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Dom Juan – Rocking Dom Juan

Dom Juan – Rocking Dom Juan

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Vincent Macaigne’s rocking Dom Juan is a gift from Heaven for the Comédie-Française. A few years ago, the illustrious French theatre institution launched, with the help of TV network ARTE, a program of film adaptations openly aimed at interesting to its repertoire a larger, younger audience.

The series has already seen the likes of Mathieu Amalric and Arnaud Desplechin demonstrate their talent at playing around the game’s constraints: shooting at the speed of light with limited budgets, committing to respect the original text and work with the Comédie’s own troupe of actors. Within such a restrictive framework, what more brilliant an idea could there be than to have French theatre’s lead agitator Vincent Macaigne take to the screen one of the most disturbing yet popular plays in the country’s literary heritage.

The first-time filmmaker goes full blast, reaffirming the character’s anti-social, anti-clerical and anti-militaristic anger. He introduces us into a dazzling world of nocturnal subversiveness (the cinematography is signed by Julien Roux) and makes clear that Dom Juan (Loïc Corbery) is but a dead man seeking to precipitate his end.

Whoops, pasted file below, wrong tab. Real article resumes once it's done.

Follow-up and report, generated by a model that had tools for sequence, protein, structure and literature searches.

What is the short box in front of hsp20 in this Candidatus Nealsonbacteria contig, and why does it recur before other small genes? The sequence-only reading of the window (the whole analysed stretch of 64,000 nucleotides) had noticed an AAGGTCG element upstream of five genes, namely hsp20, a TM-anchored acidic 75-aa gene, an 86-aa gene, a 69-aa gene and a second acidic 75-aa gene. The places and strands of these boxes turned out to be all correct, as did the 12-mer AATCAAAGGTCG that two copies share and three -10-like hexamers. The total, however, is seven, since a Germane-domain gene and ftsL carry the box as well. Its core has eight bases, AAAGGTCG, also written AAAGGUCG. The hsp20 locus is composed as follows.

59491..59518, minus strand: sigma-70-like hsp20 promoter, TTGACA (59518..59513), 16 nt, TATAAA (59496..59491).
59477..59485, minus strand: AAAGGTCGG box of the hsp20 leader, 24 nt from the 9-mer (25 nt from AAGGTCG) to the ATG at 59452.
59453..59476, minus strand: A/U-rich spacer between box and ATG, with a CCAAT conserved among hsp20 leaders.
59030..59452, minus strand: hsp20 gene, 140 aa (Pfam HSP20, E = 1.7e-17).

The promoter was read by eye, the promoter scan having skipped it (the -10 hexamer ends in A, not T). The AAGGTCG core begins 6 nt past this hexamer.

Everything in his behavior is about cutting ties. The cruelty of his words leaves no hope in the confused hearts of his pleading mistresses, whose lust for life only but feeds his suicidal rage. Only his right-arm Sganarelle (a spectacular Serge Bagdassarian) has the patience to keep on trying to save his beloved master’s soul. A weighty attachment rarely depicted with such depth and fierceness, this most unhealthy addiction is the most difficult knot for Dom Juan to untie.

Aurélie Godet
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